The question, of course, is how “to ditch,” even in its slang sense of “jilt, abandon, discard,” could come to mean “butt into line.” It might be simply a greatly extended use of the “discard” sense to mean “blithely disregard the rights of other people in line,” but that seems a stretch. Some have suggested that a queue-jumper metaphorically “digs a ditch” in the middle of the line and steps in, but that seems even more elaborate and unlikely.

It has also been suggested that this “ditch” actually has no connection to the “trench” sort of ditch but is actually a modified form of the 18th century English slang term “to dish,” meaning “to ruin, defeat, circumvent” (from the sense of food being done and “dished,” i.e., put on plates). The same “dish” is found in the slang phrase “dish it out” and its modern relative, “dish the dirt” meaning “tell gossip.” Interestingly, and perhaps significantly, Steven Keiser at OSU spent some time asking people in and around Columbus about “ditch,” and discovered that people over the age of 40 (in 2001) tended to remember using the term “dish” to mean “cut in line,” while young children used, as you note, simply “D.” While not conclusive, the use of “dish” in this sense by the older generation may well indicate that “dish” is indeed the source of this sense of “ditch.”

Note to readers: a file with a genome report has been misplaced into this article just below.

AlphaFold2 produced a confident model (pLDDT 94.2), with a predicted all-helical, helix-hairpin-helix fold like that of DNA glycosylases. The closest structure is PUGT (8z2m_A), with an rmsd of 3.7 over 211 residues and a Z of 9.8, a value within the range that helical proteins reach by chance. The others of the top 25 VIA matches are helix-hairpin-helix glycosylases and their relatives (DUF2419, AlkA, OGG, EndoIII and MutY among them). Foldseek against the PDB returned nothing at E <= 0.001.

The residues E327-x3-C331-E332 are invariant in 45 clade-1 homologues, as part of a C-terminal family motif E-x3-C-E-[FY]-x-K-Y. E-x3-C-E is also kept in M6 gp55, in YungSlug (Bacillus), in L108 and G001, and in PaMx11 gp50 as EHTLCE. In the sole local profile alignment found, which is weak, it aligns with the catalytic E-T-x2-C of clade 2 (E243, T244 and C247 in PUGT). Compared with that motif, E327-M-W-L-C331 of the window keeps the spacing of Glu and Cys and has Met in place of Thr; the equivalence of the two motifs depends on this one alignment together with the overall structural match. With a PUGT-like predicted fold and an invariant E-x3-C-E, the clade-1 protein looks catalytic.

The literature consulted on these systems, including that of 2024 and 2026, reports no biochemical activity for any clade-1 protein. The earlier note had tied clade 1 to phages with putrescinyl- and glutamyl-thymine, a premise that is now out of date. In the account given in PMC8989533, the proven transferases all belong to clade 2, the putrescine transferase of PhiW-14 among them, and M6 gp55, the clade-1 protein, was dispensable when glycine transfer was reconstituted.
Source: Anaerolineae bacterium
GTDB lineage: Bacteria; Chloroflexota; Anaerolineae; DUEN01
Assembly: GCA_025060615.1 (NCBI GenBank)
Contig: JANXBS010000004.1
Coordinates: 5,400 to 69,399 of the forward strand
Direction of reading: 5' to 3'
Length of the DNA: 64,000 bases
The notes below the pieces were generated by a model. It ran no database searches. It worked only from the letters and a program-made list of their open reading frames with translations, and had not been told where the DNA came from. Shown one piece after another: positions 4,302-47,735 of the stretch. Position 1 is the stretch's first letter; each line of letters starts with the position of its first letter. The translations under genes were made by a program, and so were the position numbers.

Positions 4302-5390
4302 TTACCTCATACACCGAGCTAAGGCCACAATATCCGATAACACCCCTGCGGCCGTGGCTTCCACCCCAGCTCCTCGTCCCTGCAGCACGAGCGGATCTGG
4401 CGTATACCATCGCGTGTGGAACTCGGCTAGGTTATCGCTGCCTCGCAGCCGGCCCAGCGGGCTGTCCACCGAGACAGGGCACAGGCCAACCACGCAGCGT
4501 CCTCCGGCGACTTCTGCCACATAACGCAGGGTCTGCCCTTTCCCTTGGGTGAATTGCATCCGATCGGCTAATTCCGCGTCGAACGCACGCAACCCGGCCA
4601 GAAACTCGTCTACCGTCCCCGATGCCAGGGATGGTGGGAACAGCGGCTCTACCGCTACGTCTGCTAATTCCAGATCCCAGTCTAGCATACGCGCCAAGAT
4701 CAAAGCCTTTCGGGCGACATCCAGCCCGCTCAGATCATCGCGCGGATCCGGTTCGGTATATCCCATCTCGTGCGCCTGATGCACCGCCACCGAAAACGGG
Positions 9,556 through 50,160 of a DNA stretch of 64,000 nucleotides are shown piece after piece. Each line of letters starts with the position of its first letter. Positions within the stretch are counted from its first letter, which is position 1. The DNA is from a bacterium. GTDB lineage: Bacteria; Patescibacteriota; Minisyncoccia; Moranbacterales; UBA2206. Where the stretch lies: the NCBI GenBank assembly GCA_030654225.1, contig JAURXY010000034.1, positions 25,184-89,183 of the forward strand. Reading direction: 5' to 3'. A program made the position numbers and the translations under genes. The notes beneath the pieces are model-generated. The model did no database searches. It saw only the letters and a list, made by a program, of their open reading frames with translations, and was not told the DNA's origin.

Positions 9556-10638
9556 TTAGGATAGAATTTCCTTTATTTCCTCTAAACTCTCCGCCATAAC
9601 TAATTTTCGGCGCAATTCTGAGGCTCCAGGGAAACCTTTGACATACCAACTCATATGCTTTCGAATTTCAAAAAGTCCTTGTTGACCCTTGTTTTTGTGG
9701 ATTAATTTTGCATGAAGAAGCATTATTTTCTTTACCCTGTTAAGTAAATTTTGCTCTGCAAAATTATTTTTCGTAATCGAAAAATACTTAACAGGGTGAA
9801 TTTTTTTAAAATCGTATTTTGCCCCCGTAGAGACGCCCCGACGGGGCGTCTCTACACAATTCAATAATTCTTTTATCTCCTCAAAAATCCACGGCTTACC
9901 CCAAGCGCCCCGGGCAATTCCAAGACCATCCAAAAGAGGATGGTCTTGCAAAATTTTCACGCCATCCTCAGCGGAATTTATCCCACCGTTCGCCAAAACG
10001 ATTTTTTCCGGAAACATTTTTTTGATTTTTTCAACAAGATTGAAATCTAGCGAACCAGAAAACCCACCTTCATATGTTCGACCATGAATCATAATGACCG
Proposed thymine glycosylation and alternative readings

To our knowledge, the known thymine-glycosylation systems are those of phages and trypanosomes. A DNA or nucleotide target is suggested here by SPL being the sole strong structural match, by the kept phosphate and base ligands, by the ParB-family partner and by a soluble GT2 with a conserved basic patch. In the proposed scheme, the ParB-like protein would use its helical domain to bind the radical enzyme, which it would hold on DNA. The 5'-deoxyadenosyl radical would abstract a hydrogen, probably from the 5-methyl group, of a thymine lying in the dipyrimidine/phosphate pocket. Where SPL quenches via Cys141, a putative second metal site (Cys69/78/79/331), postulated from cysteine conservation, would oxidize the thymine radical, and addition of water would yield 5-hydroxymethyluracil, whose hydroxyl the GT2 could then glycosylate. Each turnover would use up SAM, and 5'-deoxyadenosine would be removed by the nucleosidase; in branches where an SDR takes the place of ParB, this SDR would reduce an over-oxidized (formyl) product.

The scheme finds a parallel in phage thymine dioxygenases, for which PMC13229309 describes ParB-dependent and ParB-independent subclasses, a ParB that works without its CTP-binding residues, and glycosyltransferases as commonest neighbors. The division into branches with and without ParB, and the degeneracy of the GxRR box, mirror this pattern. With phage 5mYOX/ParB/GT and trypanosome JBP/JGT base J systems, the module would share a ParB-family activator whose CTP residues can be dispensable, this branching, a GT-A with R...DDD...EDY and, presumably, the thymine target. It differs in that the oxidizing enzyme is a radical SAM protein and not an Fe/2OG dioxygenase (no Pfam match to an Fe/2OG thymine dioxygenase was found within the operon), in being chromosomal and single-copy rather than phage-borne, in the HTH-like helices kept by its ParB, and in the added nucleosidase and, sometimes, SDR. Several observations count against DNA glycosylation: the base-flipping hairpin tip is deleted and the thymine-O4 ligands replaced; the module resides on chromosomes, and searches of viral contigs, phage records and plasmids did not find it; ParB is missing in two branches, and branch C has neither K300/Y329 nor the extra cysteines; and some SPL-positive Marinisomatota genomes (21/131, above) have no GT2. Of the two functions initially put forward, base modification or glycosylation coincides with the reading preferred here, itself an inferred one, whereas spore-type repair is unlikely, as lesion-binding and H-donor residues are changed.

You’re a bigger one.

Dear Word Detective:  This being silly season (come to think of it, haven’t the entire last ten years been silly season?), there has been an awful lot of media attention on wingnuts. Can you tell us anything about when the term “wingnut” started to refer to … well … what else could I call them? … wingnuts? — Dawn.